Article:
"I think it was a four inch gun. I have my doubts as to its ever being charged with ball that size. Judging from the amount of cash in the Bonney family I am quite sure there wasn't enough in the town to have bought one ball.

"Port holes were place at a convenient height three or four feet apart. The building stood opposite the old Phillip Keach residence, or between that and the Sound."

Nearly everybody in Steilacoom slept within the stockade. Each family brought bedding which was spread about the five rooms, three upstairs and two down. There was scarcely room to step between bodies when all were in their beds.

It now and then happened that one of the babies became frightened, the fright spread, and all cried, everybody was awakened, and the hubbub was great. Such an episode was regarded as a serious thing, it might attract Indians.

But the Indians never came, though Steilacoom had several good scares. One night Colonel Michael T. Simmons was approaching the village in a canoe rowed by several Indians. He, with the aim of assuring the residents that the mission of his red oarsmen was peaceful instructed them to sing as they rowed in.

Instead of being accepted as he intended it, the citizens construed the Indian chant as a war song and there was a scramble for weapons on the part of the men while the women hastened to the stockade with their children.

In the log house within the Steilacoom stockade was taught the first school, with Mrs. Bonney as teacher. In July, August, and September of 1854, she conducted a school there. Her baby rolled around on a quilt spread on the floor while she led the youngsters of her neighbors through the alphabet. Miss Babb, sister of Mrs. DeVore was the next teacher. 

Lyman Bonney, "Steilacoom Stockade,"  in Herbert Hunt, History of Tacoma. Chicago: S.J. Clarke, 1916, p. 44-47.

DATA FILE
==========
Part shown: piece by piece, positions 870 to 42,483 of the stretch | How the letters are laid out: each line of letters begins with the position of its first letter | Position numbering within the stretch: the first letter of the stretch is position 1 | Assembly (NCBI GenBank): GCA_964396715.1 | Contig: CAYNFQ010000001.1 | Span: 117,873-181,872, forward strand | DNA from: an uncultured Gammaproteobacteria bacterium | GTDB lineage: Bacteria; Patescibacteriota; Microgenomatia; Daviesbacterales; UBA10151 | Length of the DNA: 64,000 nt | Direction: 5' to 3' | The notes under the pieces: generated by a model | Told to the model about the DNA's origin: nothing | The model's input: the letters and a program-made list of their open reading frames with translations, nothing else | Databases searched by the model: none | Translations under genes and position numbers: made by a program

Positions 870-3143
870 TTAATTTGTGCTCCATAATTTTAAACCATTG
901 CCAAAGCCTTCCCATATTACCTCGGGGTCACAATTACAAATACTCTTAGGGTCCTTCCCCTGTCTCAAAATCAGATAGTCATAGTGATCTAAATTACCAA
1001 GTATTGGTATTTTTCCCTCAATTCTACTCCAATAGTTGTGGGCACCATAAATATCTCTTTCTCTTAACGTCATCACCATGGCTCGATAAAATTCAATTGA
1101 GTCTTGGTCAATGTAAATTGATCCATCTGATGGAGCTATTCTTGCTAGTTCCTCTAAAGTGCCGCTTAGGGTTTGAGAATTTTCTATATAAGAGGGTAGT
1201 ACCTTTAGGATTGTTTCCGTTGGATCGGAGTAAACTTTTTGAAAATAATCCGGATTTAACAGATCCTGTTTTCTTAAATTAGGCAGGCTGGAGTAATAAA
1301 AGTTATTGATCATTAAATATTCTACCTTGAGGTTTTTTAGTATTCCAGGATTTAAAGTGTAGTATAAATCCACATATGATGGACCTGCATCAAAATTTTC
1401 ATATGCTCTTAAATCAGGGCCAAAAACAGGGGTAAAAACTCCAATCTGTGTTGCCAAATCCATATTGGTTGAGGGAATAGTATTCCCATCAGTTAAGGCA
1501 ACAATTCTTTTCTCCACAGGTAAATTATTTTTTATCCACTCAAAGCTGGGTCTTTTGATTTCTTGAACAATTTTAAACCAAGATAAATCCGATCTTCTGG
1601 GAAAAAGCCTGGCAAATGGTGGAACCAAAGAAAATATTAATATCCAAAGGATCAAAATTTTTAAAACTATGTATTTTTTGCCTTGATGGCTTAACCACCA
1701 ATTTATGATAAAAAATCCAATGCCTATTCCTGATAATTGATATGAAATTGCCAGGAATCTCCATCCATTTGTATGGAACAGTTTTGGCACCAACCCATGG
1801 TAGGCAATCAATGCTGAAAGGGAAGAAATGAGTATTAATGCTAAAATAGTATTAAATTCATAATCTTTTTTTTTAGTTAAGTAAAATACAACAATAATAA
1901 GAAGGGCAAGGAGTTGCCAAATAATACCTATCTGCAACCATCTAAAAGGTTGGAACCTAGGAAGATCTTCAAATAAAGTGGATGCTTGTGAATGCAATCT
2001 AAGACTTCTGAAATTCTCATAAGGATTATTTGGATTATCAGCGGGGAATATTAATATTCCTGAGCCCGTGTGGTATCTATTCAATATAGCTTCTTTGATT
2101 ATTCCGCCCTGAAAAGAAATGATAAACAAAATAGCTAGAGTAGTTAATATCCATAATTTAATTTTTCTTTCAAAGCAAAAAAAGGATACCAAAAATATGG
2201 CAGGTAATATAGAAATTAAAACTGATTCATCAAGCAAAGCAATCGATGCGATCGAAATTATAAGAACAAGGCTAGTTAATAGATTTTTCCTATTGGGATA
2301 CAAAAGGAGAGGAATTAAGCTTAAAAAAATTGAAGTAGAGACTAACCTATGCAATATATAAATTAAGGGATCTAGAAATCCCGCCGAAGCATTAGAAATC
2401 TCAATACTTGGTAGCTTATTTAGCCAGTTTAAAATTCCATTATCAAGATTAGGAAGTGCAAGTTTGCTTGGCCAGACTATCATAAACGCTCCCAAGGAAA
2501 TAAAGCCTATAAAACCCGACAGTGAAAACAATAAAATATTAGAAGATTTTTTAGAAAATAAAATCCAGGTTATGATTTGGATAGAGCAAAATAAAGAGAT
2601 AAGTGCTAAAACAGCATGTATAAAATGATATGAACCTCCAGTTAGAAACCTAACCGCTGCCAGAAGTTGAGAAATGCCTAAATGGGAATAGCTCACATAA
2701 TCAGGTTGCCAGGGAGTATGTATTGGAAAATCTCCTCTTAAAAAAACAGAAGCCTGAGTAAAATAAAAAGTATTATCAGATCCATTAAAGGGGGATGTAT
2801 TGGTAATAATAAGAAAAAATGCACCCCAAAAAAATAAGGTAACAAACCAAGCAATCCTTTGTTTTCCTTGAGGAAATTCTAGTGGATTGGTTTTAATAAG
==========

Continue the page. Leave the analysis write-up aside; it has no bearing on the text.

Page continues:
Luzana Wallace, "Old Settler's Stories," They Came to Puget Sound. Tacoma: Tacoma Public Library, 1984, p. 93-94.

At the blockhouse at Steilacoom it was the opinion of many that there was but little danger on the land side, as that approach was protected by the garrison and Fort Nisqually. Many, however, were of the opinion that an attack might be made from the water.

One night there was considerable alarm caused by a great noise sounding like boats rushing up on the beach. We thought for sure the Indians were about to attack. While the men folks went out to reconnoiter, I went into my little room and watched over my son while he laid there asleep, then I looked at my gun hanging over the port hole, when I remembered that I had never fired a gun in my life; still I felt brave then, and if need be, I could shoot Indians as fast as anybody, if someone would only load the gun for me, for I knew nothing as to loading guns.

I heard loud talk and running back and forth as though upon the deck of a ship. I looked out the port hole. I saw the masts of a ship right over my room. By that time our men were returning. On entering the block house they said, "Ladies don't be alarmed. It is a ship which has run upon the beach."

It proved to have been a vessel of war coming up to Fort Steilacoom for the protection of the Sound country, and to overawe or punish the hostiles. Captain William Webster acted as pilot and he had run her on shore.

Luzana Wallace, "Old Settler's Stories," They Came to Puget Sound. Tacoma: Tacoma Public Library, 1984 p. 93-94.